>I have a confession to make. I hate exercise! I always have. Don’t get me wrong – I don’t hate physical activity. In fact, there are certain forms of physical activity I truly enjoy. When I was in college there was nothing more invigorating for me than locking myself in one of OBU’s racquetball courts for a solid thirty minutes of keeping the ball going. Then I’d come back later – when friends were available – for a nice game of racquetball. I definitely miss having unlimited access to courts. I also loved intramural sports in college. Although I was not very good at it (and our team as a whole rarely won a game!), flag football was a lot of fun. So was floor hockey – I was a decent goalie, if I do say so myself. The other thing I do enjoy is walking, as long as I have companionship while doing so. Late spring/early summer of 2006 was rather sad for me as I watched my wonderful walking buddies begin to move away.
What I dislike is mundane, boring, repetitive exercise routines. The one time in my life I found it enjoyable was one summer during my college years when I was living at home. A group of ladies from my home church got together several mornings a week to work out, and I loved it! But my enjoyment had nothing to do with the exercise (although I did get a good workout), everything to do with the companionship, and a bit to do with how good I felt when I actually disciplined myself to do it!
Lately Doug and I have finally worked back into an exercise routine. I’ll give more details on that in a separate post simply because it’s a cool thing to share, but the point of this post has nothing to do with the details of our routine and how it came about. The point of this post has more to do with how we’ve felt and the related perseverance.
Since we have started, there have been several times when we have both complained about aching here and hurting there. It would have been so much easier to just not exercise when our bodies hurt. But, we all know very well that if we wait until our bodies stop hurting to exercise again, then we’re really not doing ourselves any good. We have to get our bodies used to the level of exercise and then, if need be, challenge them to go a bit further. Just this week I added weights to the walking portion of our workout. Just a few pounds has made me start hurting all over again in brand new places!
Now, you know this is going to have a spiritual application! As I was mulling over all of this, I was struck by the similarities between spiritual discipline and exercise. I have heard numerous times – and have said it myself – that it would be nice to learn whatever God is teaching so I can get past the difficult growing stage and into a more restful time of life. But it dawned on me today that to rest from growing is like taking a few months, a year, two years, or more off from exercising. It doesn’t take long for our bodies to begin to sag again. It’s not just about that waistline – it’s about overall health. In the same way, when we decide that we need a break from growing, we begin to sag spiritually.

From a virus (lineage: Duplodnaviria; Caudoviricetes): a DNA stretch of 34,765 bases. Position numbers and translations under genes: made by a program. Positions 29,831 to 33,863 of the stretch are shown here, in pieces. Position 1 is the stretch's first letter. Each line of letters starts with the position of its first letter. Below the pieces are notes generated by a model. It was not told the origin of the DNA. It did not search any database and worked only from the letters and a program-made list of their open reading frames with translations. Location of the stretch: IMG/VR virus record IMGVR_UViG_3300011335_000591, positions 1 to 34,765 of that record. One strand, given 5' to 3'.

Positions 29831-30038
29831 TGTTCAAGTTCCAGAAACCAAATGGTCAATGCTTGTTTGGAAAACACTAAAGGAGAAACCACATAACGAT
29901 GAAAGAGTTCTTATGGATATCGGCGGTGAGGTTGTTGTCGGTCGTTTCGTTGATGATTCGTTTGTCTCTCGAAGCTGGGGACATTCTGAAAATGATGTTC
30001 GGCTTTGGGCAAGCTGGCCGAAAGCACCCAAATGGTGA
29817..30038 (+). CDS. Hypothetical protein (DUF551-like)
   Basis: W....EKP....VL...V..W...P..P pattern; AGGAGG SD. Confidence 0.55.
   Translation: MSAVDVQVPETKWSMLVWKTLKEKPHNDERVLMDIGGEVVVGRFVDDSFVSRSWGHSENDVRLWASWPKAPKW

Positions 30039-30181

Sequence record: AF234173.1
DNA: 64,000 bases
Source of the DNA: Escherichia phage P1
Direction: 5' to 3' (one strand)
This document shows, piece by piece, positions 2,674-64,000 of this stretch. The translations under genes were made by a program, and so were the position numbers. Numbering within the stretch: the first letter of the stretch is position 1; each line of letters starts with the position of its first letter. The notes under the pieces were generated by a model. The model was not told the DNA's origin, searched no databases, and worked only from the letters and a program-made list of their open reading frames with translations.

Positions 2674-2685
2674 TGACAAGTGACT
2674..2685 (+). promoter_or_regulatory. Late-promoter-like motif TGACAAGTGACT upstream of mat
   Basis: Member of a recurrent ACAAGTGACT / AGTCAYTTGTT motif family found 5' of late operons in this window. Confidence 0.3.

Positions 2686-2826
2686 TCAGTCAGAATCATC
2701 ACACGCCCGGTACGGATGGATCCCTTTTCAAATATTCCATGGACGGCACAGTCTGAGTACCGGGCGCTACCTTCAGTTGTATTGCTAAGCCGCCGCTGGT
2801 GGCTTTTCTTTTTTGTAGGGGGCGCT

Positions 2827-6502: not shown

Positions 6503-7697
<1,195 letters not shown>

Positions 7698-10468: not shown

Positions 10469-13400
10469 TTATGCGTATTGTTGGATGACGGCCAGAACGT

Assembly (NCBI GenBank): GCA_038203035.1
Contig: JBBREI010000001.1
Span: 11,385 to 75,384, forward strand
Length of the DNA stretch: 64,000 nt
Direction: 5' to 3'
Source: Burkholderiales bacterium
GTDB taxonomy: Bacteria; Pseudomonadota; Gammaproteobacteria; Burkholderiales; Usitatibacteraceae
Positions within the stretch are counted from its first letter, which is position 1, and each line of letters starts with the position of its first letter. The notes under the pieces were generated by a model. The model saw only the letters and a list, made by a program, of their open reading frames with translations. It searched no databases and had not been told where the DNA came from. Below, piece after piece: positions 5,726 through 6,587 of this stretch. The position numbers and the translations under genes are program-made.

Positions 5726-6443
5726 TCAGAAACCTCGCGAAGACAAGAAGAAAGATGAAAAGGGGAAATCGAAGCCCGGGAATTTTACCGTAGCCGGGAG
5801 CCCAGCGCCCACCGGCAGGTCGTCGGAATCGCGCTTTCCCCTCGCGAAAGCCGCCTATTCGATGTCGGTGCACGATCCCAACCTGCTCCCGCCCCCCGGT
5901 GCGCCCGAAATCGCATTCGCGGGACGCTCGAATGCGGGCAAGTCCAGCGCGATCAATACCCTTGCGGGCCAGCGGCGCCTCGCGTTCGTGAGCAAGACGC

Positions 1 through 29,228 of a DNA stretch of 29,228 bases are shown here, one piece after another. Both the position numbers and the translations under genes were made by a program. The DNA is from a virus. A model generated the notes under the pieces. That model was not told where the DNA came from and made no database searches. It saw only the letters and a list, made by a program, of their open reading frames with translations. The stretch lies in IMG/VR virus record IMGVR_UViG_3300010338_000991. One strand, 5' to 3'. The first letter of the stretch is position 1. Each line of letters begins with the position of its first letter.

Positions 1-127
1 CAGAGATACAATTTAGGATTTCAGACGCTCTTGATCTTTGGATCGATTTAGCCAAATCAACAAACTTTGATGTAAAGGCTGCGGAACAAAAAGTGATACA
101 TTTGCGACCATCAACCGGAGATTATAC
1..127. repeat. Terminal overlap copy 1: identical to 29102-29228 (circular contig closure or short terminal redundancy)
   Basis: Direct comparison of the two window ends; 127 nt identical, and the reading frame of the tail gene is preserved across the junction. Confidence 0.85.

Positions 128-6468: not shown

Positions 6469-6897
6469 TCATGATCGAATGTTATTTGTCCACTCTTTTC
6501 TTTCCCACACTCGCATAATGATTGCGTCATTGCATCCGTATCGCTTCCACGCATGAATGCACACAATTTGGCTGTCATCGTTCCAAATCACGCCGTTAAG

As we discipline ourselves in a area where God is growing us, the obedience becomes easier. Once that happens, we are then ready for God to take us to the next level. For example, when we first start to tithe, it can be a real challenge. But, after a while it becomes second nature. God then moves us to the next step – increasing our percentage beyond the 10%; offering regular support for a missionary over and above our tithe; learning that tithe goes beyond our paycheck and into other areas of our lives. We never stop tithing; we never stop growing. Each phase does eventually get easier, but then it is time to add another pound or two to our weights!
There are going to be days in both forms of discipline when we just want to scream, “But I hurt so badly! I just can’t do this today!” Those are the days we have to be most devoted to getting up and doing it anyway. Those muscles are being strengthened! The day will come when that exercise won’t hurt anymore. Then we’ll be told to add another dimension to our workout. And meanwhile, we’ll see our physical and spiritual lives grow in health. We’ll see our challenges become easier. And, we’ll be that much more effective in all aspects of our lives. So, here’s to working out, even when it hurts!